The following is an excerpt.
A human gene is nothing more than a sequence of A’s, T’s, C’s and G’s representing the chemicals that make up the strands of a DNA molecule. Each gene has a beginning and an end, and determining where those are takes a lot of skill and experimentation. But a gene is not an invention in any conventional sense, because it wasn’t created by the hands of humans. In fact, if it isn’t an exact replica of what is found in nature, it is useless.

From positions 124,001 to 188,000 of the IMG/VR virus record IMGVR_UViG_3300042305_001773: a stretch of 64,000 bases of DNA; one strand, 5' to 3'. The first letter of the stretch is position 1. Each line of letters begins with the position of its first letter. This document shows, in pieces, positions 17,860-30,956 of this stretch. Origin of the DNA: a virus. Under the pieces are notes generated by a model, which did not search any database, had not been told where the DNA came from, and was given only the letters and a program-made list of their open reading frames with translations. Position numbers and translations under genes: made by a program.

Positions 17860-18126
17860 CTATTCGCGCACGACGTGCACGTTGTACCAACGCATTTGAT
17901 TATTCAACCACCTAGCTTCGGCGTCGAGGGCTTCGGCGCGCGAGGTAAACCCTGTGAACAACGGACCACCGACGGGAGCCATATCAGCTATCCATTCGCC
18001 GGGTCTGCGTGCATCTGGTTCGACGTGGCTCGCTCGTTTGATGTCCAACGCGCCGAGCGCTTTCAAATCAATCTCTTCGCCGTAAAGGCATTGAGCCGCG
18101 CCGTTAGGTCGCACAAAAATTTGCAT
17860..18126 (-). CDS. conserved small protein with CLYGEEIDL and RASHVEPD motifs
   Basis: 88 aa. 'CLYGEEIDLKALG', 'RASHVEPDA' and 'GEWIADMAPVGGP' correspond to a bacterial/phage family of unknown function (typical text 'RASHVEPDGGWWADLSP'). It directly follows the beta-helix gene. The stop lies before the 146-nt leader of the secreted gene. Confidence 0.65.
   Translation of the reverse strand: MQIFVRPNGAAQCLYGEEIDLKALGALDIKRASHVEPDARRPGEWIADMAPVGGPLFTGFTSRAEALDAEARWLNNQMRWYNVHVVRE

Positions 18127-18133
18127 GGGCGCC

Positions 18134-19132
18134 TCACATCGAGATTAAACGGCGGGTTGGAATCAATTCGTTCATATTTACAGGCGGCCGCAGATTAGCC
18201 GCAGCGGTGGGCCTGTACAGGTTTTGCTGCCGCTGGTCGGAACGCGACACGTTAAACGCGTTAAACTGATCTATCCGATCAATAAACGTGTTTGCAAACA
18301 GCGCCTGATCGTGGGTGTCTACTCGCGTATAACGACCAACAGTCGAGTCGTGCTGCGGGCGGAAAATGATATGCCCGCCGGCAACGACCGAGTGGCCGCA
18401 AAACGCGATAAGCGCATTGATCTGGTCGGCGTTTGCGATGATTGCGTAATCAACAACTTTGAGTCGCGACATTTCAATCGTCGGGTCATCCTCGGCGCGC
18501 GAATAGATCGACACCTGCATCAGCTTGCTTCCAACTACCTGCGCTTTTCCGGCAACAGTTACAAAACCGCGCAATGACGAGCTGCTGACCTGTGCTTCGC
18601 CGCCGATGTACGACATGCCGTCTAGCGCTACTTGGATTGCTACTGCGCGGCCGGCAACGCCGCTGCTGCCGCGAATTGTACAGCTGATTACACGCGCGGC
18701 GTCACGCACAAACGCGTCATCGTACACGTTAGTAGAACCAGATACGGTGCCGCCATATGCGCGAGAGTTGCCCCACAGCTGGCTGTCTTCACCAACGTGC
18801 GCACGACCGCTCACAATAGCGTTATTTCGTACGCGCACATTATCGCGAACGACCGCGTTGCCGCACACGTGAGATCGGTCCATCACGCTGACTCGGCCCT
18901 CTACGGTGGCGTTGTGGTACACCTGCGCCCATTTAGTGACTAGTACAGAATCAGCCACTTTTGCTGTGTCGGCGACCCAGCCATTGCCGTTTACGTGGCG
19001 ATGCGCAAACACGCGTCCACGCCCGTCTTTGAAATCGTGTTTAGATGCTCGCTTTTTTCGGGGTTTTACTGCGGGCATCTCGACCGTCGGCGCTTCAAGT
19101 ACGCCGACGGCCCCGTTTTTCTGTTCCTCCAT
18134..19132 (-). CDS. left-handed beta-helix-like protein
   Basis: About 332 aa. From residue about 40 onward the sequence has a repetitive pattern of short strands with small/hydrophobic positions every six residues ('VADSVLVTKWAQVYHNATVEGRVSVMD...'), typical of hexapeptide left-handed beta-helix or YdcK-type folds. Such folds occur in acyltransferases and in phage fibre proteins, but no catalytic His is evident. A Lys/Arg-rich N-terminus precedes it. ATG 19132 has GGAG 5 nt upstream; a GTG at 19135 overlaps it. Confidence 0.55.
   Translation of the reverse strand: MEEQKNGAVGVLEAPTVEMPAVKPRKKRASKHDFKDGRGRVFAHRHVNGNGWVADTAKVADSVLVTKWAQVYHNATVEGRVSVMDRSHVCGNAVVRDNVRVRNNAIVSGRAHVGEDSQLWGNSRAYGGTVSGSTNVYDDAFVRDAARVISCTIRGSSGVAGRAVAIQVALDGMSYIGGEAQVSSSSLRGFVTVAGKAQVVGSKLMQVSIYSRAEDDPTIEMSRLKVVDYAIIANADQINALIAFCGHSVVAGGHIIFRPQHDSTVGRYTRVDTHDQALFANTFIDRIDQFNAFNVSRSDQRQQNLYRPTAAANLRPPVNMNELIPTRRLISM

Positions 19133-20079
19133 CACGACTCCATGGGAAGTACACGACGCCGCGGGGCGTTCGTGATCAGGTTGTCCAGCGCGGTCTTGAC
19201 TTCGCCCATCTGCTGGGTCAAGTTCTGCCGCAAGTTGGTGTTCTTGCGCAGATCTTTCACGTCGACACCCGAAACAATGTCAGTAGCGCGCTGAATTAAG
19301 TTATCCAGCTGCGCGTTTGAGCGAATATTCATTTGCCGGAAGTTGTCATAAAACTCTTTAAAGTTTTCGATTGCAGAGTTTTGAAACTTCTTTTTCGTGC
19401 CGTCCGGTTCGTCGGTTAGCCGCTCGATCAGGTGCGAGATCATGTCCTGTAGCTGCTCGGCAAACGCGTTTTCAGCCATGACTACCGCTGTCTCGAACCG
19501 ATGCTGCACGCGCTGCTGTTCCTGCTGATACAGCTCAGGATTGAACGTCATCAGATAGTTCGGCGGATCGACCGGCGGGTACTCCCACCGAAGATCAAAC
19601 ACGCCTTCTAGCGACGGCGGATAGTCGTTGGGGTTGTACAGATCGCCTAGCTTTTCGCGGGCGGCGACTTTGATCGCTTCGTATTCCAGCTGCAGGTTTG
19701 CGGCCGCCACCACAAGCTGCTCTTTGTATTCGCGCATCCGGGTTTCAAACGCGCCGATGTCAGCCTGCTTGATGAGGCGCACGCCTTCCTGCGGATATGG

The same goes for maps. They require skill and work to create but done right, they’re an exact representation of the physical earth — if not, people can die. Yet even though a good map is nothing more than a copy of nature, they’ve been specifically covered by copyright law, a close cousin of patent law, at least since the 1700s.
Read the full article here: What If They Treated Gene Patents Like Nautical Charts?